When performed properly, horses relax during all of these procedures. Licking, chewing, yawning and napping are all signs of pain relief and endorphin release. The number and frequency of treatments will depend on what the disorder is and whether it is an acute or chronic issue.

Let’s walk through each of the acupuncture approaches and when is a good time to bring them in as part of your treatment protocol.


Dry Needles

Very thin, solid needles are inserted into strategic acupuncture points for treatment. Points that have not palpated as painful and have reduced energy need to be tonified. These needles will be left untouched for a short period of time, usually 5 to 10 minutes.

Points that are sensitive and have excess energy need to be sedated. Those needles will be left in place for a longer period of time, up to 30 minutes. They are often manipulated multiple times during treatment to increase stimulatory effect.

Dry Needle therapy is often used with cases of laminitis, navicular, arthritis, tendon or ligament issues, facial nerve paralysis, eye injuries, skin irritation, GI issues and inflammation. This therapy is often combined with the other modalities listed next.



A hypodermic needle is used to inject a liquid, most commonly Vitamin B12, into the acupuncture point. Vitamin B12 is very beneficial in the treatment of trigger points in performance horses. The injection will immediately help relieve pain, as well as encourage the body to flush lactic acid out of the area. The most common areas of the body treated with this method are the pectorals, shoulders, backs and hips.

Treatment time depends on the amount of points to be injected, but typically does not take longer than 5 to 10 minutes.

Aquapuncture therapy is most often used to treat trigger points, body soreness, back pain, Rhino, immune compromise, decreased appetite and lack of energy.



A hypodermic needle is used to inject chosen acupuncture points with the patient’s own blood. The first step is to draw blood from the jugular vein, followed by injecting the blood into other parts of the body for treatment. This method is used whenever immune stimulation is necessary.

Again, treatment time depends on the amount of places to be injected, but typically does not take longer than 5 to 10 minutes.

Hemo-acupuncture therapy is used for treatment of neurologic syndromes (EPM, EHV-1, West Nile), lyme disease, vaccinosis and weakened immune system.



A long, dry needle with a metal handle is inserted into the point to be treated. Then a small bundle of herb is placed on the handle portion of the needle. That herb is then lit on fire in order to heat the needle, creating a greater healing effect. Heat is used when trying to achieve yin/yang balance in the body.

The needles are left in place until the herb has burned and disintegrated, leaving the needle cool enough to the touch to remove. This takes about 20 minutes.

Moxibustion therapy is commonly used for hormone imbalances (reproductive issues), endocrine disorders (Cushings, Insulin Resistance), calming, sore backs and sacroiliac pain.



A long, dry needle is inserted and then a small alligator clip with an insulated wire is attached just below the handle portion of the needle. The wires lead back to a device that delivers mild electrical pulses through the needles in order to create muscle contraction and nerve stimulation. Treatment takes approximately 30 to 60 minutes.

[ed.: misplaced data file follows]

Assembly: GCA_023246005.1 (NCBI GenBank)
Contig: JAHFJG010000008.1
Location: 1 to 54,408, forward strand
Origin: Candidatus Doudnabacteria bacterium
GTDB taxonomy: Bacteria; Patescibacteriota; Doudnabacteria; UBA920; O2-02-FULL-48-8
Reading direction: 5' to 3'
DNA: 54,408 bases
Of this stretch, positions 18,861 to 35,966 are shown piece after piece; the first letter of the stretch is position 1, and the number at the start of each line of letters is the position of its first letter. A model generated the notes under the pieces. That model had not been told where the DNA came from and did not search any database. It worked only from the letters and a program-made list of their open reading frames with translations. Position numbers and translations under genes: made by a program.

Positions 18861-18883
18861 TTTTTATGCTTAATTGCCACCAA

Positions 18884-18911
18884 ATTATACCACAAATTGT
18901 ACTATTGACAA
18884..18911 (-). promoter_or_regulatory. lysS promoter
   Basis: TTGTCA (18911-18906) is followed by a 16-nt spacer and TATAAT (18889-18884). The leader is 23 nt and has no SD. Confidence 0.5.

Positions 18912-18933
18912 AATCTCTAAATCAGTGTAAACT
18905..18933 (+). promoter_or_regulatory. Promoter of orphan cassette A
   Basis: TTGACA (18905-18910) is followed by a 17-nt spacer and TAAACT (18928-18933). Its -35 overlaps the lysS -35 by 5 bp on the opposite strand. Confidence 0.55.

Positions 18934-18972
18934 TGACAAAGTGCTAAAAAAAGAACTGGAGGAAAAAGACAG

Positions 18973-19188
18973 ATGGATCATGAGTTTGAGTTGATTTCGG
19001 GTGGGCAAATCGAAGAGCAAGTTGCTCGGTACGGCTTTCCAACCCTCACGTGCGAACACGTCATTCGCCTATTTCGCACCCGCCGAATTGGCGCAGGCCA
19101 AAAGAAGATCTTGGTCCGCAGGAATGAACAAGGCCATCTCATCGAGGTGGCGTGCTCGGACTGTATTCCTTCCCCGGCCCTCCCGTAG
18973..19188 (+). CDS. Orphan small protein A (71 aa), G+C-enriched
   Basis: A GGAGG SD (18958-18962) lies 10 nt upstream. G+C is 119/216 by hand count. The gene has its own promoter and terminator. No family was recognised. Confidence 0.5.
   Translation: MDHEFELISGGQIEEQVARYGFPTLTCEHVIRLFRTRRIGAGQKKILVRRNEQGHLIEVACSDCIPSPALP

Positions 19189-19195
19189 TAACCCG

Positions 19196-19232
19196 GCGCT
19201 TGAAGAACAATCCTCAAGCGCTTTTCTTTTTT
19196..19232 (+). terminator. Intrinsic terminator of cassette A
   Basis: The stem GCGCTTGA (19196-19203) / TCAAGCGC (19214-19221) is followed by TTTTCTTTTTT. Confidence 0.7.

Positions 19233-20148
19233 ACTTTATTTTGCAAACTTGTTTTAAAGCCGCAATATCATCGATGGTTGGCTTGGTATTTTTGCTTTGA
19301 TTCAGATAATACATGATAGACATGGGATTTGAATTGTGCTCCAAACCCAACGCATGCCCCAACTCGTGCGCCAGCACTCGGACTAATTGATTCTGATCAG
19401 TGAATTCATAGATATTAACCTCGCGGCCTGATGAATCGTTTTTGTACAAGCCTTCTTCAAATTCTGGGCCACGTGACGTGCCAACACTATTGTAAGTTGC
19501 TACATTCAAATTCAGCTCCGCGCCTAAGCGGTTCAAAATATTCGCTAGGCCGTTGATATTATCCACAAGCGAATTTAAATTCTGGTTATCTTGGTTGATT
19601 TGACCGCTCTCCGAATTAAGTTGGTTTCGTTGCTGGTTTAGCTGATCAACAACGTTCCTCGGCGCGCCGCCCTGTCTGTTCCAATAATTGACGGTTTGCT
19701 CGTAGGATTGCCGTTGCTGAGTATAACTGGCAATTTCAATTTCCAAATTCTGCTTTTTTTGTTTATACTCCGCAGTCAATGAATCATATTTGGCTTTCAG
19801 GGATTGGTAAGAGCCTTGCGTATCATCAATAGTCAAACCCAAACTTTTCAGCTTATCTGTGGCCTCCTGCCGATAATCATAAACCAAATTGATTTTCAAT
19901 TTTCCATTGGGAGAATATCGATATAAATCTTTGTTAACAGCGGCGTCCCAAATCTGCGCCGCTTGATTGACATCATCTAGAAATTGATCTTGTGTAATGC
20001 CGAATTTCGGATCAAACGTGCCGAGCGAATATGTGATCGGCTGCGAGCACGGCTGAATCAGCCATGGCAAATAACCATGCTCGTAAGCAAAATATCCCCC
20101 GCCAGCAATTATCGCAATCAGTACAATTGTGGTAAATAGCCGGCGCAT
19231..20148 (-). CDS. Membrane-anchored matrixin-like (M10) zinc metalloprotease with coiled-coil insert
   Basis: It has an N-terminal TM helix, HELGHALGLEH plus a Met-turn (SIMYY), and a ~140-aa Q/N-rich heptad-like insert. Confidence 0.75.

This approach is used when treating sore backs, arthritis of the spine, inflammation, body soreness and muscle atrophy due to injury or neurologic disorders.


Cold Laser

A visible red or infrared LED laser is used when a horse is uncomfortable with needle insertion or has an allergic reaction to needles coated with silicone. A painless beam of light is held over each acupuncture point being treated for 30 seconds to 2 minutes.


Response to any of the acupuncture therapies will be exhibited by the horse in one of four ways:

  1. The horse gets better and no further treatment is required.
  2. The horse gets better, but only for a short period of time. This usually indicates there is a deeper issue that needs to be addressed. Another acupuncture treatment is required.
  3. The horse shows no improvement, which demonstrates that the primary problem has not been resolved and needs to be evaluated with a different therapeutic approach.
  4. The condition worsens for a short period, and then improves. This is termed a ‘healing crisis’ as the body becomes overwhelmed by the amount of toxins being released from the tissues before balance can be restored.


How do I find an acupuncturist?

By law acupuncture can only be performed by a qualified veterinarian who has undergone special training in the technique. Many veterinarians are seeking training in acupuncture to use as part of their standard diagnostic and treatment services. The International Veterinary Acupuncture Society (IVAS) and the Chi Institute both offer training in veterinary acupuncture.

In addition, many veterinary schools including the University of California at Davis, Colorado State University, University of Tennessee and University of Florida (to name a few) are including acupuncture in their clinical services and veterinary curriculum.

You can find a certified veterinary acupuncturist by going on the IVAS website (ivas.org) and using the Vet Search feature on their home page. Another option is to ask local horse care professionals if they know of a veterinarian who has practical experience, but may not be IVAS certified.

Acupuncture has become a standard treatment protocol for top equine athletes around the world—both to stay in the best possible condition, as well as to prevent and treat minor injuries. In fact, riders at the Olympics and World Equestrian Games use acupuncture to help their horses perform their best during competition while under extremely strict prohibited substance policies. Integrating this centuries old medical practice with traditional Western medicine will help keep your equine athlete at its absolute peak.